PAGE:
Three boys appeared in the door of my office, yesterday.
Boy 1: “We’re not in trouble. Our teacher sent us to ask if you could help us work out a problem that came up at recess.”
I excused myself from the finance meeting,
and the boys gathered around me at a chair in the hallway.
Mr. Rick: “Do you think you can work it out yourselves?”
Boy 3: “We want to try to work it out ourselves.”
Mr. Rick: “Okay. Tell you what. You guys sit at the table in the courtyard outside my window, and if you run into trouble, raise your hands, and I will leave my meeting and help.” As we walked outside, I said, “Let’s move the table closer to the window.” I took the front, they took the back, we walked it closer to my office, and I went back to my meeting.
After about 10 minutes of animated talk a hand went up. One of them came over and said that there was a fourth boy who should be sitting at the table. I said, “Okay, one of you go get him.” Soon there were four at the table. After about 10 more minutes I decided it was time for me to see how they were doing, so I left the meeting again and pulled a chair up to the head of the table.
They took turns talking, building on each other’s ideas and obviously trying to come to a consensus. They kept changing their minds until they all agreed they had a plan. I said, “What’s your plan?”
“When we find ourselves getting mad at each other, we’ll take a break.”
“Yeah, we’ll just sit down till we cool down.”
Mr. Rick: “That’s good: ‘Sit down till you cool down.’
“Yeah, or kick the ball with our teammate till we are ready to play again.”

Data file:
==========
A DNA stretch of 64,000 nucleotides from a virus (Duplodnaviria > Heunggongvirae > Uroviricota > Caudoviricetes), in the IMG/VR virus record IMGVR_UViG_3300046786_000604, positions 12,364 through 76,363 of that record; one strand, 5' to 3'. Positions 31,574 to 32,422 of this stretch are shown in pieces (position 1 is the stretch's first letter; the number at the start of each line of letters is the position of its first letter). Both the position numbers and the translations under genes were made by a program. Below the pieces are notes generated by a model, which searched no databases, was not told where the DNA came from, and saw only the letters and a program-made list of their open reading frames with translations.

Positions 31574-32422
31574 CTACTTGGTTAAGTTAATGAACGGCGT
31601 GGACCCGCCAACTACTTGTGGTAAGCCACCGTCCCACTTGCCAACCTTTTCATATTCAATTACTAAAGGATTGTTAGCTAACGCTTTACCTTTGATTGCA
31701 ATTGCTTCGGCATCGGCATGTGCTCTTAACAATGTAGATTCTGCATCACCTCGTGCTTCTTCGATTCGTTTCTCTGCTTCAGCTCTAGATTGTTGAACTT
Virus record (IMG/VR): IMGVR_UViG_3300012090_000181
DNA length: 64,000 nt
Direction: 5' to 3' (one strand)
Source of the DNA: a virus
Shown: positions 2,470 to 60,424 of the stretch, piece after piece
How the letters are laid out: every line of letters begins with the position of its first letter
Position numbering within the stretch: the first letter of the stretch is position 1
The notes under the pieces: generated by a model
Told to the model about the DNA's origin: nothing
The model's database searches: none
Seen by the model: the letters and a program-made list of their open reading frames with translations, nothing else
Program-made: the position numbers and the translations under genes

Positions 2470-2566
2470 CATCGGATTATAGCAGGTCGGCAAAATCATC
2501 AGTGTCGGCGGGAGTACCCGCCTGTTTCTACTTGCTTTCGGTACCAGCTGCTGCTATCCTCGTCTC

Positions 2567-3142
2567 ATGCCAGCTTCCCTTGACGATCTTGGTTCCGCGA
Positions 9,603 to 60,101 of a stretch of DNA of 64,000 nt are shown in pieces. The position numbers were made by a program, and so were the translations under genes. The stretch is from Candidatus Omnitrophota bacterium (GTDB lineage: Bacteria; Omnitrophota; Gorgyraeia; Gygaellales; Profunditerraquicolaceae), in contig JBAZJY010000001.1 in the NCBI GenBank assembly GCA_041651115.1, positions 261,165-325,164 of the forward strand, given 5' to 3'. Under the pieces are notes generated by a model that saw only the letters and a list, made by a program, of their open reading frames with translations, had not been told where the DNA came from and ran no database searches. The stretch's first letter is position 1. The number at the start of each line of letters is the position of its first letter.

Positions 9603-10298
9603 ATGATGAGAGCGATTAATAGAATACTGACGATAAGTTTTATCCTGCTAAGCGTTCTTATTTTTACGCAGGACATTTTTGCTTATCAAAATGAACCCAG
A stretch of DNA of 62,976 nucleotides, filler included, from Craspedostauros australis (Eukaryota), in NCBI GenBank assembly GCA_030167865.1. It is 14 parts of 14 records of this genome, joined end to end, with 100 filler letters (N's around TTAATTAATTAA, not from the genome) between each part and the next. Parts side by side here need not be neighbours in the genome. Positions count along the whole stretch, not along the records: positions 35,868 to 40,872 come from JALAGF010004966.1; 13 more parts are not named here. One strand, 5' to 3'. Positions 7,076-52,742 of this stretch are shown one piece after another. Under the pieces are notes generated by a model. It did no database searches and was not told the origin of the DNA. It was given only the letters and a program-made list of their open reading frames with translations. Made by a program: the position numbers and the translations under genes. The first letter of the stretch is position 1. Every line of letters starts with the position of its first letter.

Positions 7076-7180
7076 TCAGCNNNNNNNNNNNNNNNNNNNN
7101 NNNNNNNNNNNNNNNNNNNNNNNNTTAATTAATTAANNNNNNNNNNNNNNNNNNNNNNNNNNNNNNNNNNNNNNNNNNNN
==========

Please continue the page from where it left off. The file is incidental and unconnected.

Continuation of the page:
Mr. Rick: “Good job. Let’s see how it works. Will one of you take responsibility for coming and reporting to me?
Boy 4: “I will.”
What’s so important about this story? 1) The boys took responsibility for their conflict and by taking responsibility worked on their collaborative skills and thus added to their conflict resolution repertoire. 2) The teacher correctly assessed their readiness for working out this conflict on their own, thus creating the space for them to actually learn, develop and practice those skills. 3) The Head of School was used correctly: as an educator who is available to help people with their learning challenges rather than an officer of the law. No one was “in trouble.” No one was “bad.” Conflicts are to be expected in a human community, and we might as well welcome them as learning opportunities.
Adults often try to “encourage” children to “be responsible” and get mixed results. This is because the language is tragically flawed. “Being responsible” is a static trait, and to a child’s ear the message is “You don’t have this trait and you need it.” They feel labeled rather than encouraged. Labels (both good and bad) are bad encouragement.
A better focus for children is “take responsibility.” When we take responsibility for something we feel good because we are challenging our abilities to respond to a situation with internal motivation. “Ability” is inert and useless without “response.” Ability is only real when used in the act of taking responsibility for something—like your work or your relationships.
At Golden Oak respect and responsibility are not “values,” but laws. 1) Be respectful at all times no matter what. 2) Take responsibility for your work and your relationships. Mr. Rick can be useful as a reminder that this is so. To develop our sense of justice in each of us as we take more and more responsibility for situations of ever increasing complexity, this is central to the Montessori vision.